Months before he fell ill, on my last visit with Yasser Arafat, I knew he was not long for this world. But nine years later, the conspiracies live on.
- By Mark Perry<p> Mark Perry is an author and historian. His latest book is Talking to Terrorists. </p>
The last time I saw Yasser Arafat was in Muqata, his hilltop headquarters in Ramallah, in August 2004. It was three months before his death in a Paris hospital. I had come from my hotel in Palestinian East Jerusalem and successfully navigated my way through the volatile Qalandia checkpoint to see him.
Arafat’s tireless personal assistant, Nabil Abu Rudineh, greeted me outside Arafat’s office, and told me to wait for the Palestinian leader in the arched walkway that led from the president’s offices to the adjoining structure housing the Palestinian legislature. It was an unusual setting, because we customarily met in Arafat’s office and the archway was an exposed position. For most of the previous three years, Arafat had been trapped in the compound as an Israeli Merkava tank churned the road outside his headquarters to dust. Since late 2002, I’d had to dodge this tank, a terrifying behemoth, while eyeing the squad of partially obscured Israeli snipers posted nearby to enter the compound.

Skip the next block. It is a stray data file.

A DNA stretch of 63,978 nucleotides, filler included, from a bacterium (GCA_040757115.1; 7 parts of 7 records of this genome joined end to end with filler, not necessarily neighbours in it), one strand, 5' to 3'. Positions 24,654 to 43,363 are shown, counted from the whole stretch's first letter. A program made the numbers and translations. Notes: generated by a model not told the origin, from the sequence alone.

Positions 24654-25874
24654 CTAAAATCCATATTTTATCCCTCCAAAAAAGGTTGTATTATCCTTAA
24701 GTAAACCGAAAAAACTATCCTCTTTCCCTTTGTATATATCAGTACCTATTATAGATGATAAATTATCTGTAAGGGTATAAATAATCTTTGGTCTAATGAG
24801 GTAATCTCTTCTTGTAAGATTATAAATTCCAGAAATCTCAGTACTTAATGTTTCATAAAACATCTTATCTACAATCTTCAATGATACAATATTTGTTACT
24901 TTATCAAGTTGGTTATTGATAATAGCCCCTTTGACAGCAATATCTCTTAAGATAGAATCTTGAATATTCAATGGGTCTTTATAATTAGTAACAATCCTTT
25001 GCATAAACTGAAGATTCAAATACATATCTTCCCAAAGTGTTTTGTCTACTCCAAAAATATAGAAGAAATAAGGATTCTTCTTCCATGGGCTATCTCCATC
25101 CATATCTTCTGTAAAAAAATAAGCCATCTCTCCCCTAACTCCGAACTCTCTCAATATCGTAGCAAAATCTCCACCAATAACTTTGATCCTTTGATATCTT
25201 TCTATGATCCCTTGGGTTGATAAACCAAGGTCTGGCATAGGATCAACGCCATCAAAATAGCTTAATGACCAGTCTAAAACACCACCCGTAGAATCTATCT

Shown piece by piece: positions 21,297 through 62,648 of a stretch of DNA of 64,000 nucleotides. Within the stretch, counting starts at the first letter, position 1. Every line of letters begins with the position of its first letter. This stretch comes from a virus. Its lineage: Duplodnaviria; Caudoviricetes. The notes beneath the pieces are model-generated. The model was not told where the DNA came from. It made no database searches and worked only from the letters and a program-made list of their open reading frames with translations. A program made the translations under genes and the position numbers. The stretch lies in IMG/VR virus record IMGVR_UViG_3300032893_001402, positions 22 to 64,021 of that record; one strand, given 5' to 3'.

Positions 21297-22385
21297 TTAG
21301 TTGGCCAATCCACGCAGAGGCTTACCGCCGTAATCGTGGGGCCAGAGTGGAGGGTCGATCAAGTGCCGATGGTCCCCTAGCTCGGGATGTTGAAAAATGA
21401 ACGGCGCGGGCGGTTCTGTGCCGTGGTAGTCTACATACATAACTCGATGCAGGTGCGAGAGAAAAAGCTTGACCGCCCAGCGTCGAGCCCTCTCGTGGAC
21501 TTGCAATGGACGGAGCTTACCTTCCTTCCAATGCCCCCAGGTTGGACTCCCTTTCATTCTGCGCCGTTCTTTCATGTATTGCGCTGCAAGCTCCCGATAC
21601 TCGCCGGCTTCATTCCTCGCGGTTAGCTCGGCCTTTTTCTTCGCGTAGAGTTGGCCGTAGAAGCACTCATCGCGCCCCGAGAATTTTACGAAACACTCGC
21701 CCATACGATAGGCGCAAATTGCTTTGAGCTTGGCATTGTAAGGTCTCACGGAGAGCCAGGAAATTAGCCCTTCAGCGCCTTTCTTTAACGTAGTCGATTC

I’d first visited Arafat in Tunis in 1990, on his invitation, after he read an essay I’d written on the Palestinian uprising after visiting the West Bank, Gaza, and Israel. He’d liked the article and wanted to meet me. We seemed to click in some way during that first meeting and, in the intervening years, we’d grown close. Which is why, despite the tank and snipers, I’d always found a way to make it to Ramallah.
But now, with the Second Intifada winding down, neither the tank nor the snipers were anywhere in sight, and the ruins of the Muqata — its walls breached and chipped by rocket-propelled grenades and sniper fire — basked in the afternoon sun.
Back in September 2002, on then Prime Minister Ariel Sharon’s orders, Israeli tanks and bulldozers had flattened nearly all of the structures in the compound while snipers fired into Arafat’s offices. Arafat and his closest aides, trapped inside, barely survived the assault. An Israeli sniper, Arafat later told me, had fired a round that came within inches of his skull. "I’m still here," he would say. It seemed a matter of pride to him.
It was while I was reflecting on this that Arafat emerged from the end of the walkway, smiling excitedly. He dispensed with the usual routine of cheek kisses and waved a small camera he was holding in my direction. "Look at this, my friend," he said, holding the camera up for me to see, pointing to its "digital features," a phrase he flourished with pride. It had been given to him for his 75th birthday the week before.
"Look here," he said, and he guided me to one of the open portals that looked west onto the Muqata courtyard. Arafat snapped a photo. "You can see it here," he said, pointing to the camera’s viewer, "even before you take it." He marveled at the technology. "A digital feature," he repeated.